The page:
World ending soybean stocks were reduced from last month’s estimate of 51.88 MMT and are now projected at 51.02 MMT. World ending soybean stocks for the ’08/’09 marketing year were 41.85 MMT and 52.92 for the ’07/’08 marketing year.

Wheat Analysis
U.S. wheat production was decreased due to a drop of 2/10th per bushel in the per acre yield estimate for all wheat, placing production at 2.016 billion bushels, down 10 million bushels from a month ago. Imports and beginning stocks were left unchanged, bringing the estimate for total supply in at 2.8 billion bushels.

The demand for feed wheat was reduced 20 million bushels while all other demand items were left unchanged.

Ending stocks for all U.S. wheat are now estimated at 647 million bushels, a 10 million bushel increase from a month ago. The season average farm price is now estimated at $4.90 to $5.90 per bushel, an increase of 20 cents per bushel on both ends of the price range from last month.

World ending wheat stocks were increased slightly from last month, now estimated at 182.65 MMT. World ending wheat stocks are projected to be 14.25 MMT larger than last year and 62.68 MMT larger than the ’07/’08 marketing year.

Marketing Strategy
The summer commodities market will be marked by price volatility. Several factors will contribute to keeping commodity prices bouncing around. First, weather developments will play a major role in the direction that commodity prices take considering the lateness of planting in the Eastern Corn Belt. Commodity traders will be watching crop development throughout the season. Ideal weather would lead to lower prices, while weather problems would obviously lead to higher pricing opportunities. Second, outside market forces e.g., value of the dollar, price of oil, the stock market, and non-commercial fund trading will all have a significant impact on commodity prices as the summer progresses. With the SRW wheat harvest just around the corner and large stockpiles of wheat in the world, new crop SRW wheat could now be on a trek to making a harvest low before resuming more normal pricing patterns.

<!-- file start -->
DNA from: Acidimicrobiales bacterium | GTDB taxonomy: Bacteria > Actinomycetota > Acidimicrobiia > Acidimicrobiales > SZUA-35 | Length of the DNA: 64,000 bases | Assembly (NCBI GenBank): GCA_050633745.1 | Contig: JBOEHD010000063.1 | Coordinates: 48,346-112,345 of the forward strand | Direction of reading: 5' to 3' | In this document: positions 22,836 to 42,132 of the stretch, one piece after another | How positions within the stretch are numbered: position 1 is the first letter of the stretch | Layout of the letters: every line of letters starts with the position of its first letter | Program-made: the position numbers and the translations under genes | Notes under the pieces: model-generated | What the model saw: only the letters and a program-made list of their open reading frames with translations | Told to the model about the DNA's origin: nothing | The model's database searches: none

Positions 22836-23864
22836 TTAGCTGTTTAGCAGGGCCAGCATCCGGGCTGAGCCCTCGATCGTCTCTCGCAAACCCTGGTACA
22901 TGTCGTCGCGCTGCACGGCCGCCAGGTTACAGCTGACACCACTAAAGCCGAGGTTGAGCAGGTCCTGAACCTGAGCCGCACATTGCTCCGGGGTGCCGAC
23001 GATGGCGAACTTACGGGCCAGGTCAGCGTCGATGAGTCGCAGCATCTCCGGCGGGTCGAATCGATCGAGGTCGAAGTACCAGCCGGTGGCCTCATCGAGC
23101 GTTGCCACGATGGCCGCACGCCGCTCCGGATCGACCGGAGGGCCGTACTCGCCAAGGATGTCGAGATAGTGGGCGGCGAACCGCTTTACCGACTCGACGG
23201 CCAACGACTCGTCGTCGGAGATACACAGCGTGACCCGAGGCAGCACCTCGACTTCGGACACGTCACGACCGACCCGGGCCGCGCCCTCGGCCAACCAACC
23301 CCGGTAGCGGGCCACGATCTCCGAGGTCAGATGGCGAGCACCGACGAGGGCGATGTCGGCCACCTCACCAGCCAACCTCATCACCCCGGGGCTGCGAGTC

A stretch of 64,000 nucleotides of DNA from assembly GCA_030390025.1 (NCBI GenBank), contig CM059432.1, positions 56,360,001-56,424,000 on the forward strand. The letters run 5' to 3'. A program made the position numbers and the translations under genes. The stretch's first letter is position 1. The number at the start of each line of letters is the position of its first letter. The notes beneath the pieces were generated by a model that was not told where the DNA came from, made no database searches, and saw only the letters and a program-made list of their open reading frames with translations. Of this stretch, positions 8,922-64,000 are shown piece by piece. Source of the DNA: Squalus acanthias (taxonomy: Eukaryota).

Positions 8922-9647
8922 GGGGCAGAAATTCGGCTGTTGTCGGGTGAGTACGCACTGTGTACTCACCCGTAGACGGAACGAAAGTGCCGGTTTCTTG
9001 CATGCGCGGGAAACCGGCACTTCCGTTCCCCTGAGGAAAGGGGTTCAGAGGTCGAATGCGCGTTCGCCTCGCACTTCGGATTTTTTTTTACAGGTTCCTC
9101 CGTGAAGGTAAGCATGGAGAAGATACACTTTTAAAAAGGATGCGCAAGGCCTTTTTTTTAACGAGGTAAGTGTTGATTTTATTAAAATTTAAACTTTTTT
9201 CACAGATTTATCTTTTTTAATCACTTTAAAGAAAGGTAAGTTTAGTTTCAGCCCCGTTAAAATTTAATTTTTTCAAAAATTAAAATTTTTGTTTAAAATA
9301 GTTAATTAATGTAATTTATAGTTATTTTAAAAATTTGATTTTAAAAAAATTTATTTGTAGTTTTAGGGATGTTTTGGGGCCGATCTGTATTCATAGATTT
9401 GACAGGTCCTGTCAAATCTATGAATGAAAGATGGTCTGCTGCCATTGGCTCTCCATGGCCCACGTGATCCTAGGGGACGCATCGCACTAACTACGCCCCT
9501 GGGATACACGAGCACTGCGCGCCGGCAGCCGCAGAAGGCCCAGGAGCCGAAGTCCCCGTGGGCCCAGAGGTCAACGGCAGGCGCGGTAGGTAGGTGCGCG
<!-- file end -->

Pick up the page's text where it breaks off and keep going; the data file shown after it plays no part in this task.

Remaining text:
Technically speaking, resistance for new crop Dec corn futures is now at $4.72, support at $4.33; resistance for new crop Nov soybeans is at $11.77, support at $10.47; and new crop July SRW wheat resistance is at $6.76, support at $5.63. Currently, Dec ’09 corn futures are trading at $4.64; Nov ’09 soybean futures at $10.76; and July ’09 SRW wheat at $6.01 per bushel. For technical assistance on making grain marketing decisions contact Carl L. German, Extension Crops Marketing Specialist.

Postemergence Control of Glyphosate-Resistant Horseweed

Friday, June 12th, 2009

Mark VanGessel, Extension Weed Specialist; mjv@udel.edu

Options for controlling horseweed resistant to glyphosate after the soybeans have emerged are very limited. FirstRate or Classic are only effective on small, newly emerged seedlings. However, neither FirstRate nor Classic, will consistently kill large horseweed plants nor plants that were “burned off” and are recovering. These herbicides may provide some suppression, but results have been quite erratic the past few years. Horseweed plants are generally not very tolerant of shade and most soybeans will begin to canopy over the horseweed and out-compete them. In most cases, I have recommended to not spray emerged horseweed plants with another herbicide. Rather, make postemergence applications of glyphosate based on need to control other weed species. Additional glyphosate applications will provide some suppression of horseweed and give the soybeans a chance to outcompete them.

Postemergence Pokeweed Control

Friday, June 12th, 2009

Mark VanGessel, Extension Weed Specialist; mjv@udel.edu